Marybeth Hicks

My community is both a state capital and a college town, which means I live in a geographic bastion of political correctness. To wit: A recent headline in my hometown newspaper actually read: “Celebrating diversity.”

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Setting aside the lack of journalistic brainpower that prompted such a cliché – above the fold, no less – the story about a “multicultural appreciation event” (formerly known as an “ethnic festival”) offered up just one more example of the general obsession with multiculturalism as an end in and of itself.

With Thanksgiving and the Judeo-Christian holidays upon us, I fully expect a series of equally creative headlines in the coming weeks such as “Giving thanks for diversity,” “Interfaith services celebrate diversity,” and “Holiday meals celebrate diversity.”

Truly, the most fervent among the diversity movement are headline writers.

By now we’re all accustomed to the hijacking of religious holidays for both consumerism and multiculturalism, but I confess I still bristle at the usurpation of Thanksgiving as a red-letter day for the diversity movement. To use our national holiday as yet another opportunity to point out that we are not all the same only adds to the gnawing sense that America is a fractured culture.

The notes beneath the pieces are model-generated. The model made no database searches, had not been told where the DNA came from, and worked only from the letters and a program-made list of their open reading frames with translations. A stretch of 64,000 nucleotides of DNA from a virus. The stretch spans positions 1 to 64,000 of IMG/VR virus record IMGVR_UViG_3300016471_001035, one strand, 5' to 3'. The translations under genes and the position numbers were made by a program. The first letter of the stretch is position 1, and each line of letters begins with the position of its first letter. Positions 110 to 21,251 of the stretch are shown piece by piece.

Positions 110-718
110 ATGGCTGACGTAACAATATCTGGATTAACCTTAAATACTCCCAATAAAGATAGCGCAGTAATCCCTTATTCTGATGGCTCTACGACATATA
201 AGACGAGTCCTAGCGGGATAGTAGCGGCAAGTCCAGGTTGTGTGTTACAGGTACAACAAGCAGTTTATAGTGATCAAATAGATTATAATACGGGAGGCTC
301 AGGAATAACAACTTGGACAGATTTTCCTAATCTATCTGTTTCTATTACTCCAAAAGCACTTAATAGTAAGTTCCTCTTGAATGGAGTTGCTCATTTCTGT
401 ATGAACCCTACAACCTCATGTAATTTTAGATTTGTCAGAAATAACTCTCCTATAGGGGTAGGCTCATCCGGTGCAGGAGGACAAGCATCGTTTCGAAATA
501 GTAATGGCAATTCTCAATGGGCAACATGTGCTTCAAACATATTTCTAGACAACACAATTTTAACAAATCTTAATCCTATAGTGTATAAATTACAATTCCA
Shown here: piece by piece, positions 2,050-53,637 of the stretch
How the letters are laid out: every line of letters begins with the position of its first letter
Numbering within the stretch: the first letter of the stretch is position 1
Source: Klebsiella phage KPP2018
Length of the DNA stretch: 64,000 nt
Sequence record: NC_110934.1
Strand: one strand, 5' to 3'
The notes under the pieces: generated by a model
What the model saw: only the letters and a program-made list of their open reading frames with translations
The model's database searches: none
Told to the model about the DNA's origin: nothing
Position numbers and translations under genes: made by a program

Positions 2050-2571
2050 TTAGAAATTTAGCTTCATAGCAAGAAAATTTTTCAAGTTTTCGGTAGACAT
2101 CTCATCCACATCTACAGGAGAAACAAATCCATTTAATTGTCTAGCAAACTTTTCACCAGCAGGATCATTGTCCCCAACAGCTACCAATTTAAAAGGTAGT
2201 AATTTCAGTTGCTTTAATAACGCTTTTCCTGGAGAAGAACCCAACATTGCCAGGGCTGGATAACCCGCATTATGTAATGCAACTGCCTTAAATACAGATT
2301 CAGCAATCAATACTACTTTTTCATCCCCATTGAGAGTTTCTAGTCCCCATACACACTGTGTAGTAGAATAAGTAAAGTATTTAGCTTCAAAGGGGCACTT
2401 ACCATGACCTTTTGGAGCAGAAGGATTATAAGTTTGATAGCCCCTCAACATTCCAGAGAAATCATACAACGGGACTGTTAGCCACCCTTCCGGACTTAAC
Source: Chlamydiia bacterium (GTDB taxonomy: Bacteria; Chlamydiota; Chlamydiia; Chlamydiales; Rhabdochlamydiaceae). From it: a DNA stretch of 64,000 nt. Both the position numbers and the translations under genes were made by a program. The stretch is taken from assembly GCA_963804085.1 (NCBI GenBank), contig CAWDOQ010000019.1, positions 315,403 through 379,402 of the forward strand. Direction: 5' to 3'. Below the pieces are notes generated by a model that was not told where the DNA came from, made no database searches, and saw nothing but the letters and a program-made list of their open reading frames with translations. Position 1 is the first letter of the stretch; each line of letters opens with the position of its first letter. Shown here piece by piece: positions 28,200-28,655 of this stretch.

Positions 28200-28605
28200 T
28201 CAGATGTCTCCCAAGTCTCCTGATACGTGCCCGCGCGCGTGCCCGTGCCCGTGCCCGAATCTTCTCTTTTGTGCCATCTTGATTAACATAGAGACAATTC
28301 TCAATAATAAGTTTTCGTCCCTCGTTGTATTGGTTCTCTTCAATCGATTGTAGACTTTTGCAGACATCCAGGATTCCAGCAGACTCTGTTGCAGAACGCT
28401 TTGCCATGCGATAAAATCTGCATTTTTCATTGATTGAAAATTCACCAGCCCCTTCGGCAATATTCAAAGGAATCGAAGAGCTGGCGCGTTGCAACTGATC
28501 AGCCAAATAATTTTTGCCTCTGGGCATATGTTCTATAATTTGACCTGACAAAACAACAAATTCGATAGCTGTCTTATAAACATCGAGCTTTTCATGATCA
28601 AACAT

In my mind, there is nothing as quintessentially American as Thanksgiving, with all the Rockwellian myth and traditions that surround it. For generations, Americans of every race, religion and ethnic origin have put their own spin on Thanksgiving celebrations, seamlessly adopting the holiday as their own while creating regional differences that reflect our rich identity as a melting pot. Thus wild rice stuffing in the north, corn bread stuffing down south.

Thanksgiving was established as a national holiday not to celebrate what is different about Americans, but what we hold in common – gratitude for another season of bounty, appreciation for the gift of freedom, and reverence for the God who created us and blesses us from year to year.

Thanksgiving also puts us in mind of family and friends, and of the bonds of community we share in our neighborhoods, churches and schools. This holiday reminds us that we are blessed with love and friendship, and it invites us to live gratefully for the relationships that give meaning to our lives. To redefine it as a time to focus on what makes us different, rather than what makes us similar, undermines the significance of a national holiday.

Marybeth Hicks

Marybeth Hicks is the author of Don't Let the Kids Drink the Kool-Aid: Confronting the Left's Assault on Our Families, Faith, and Freedom (Regnery Publishers, 2011).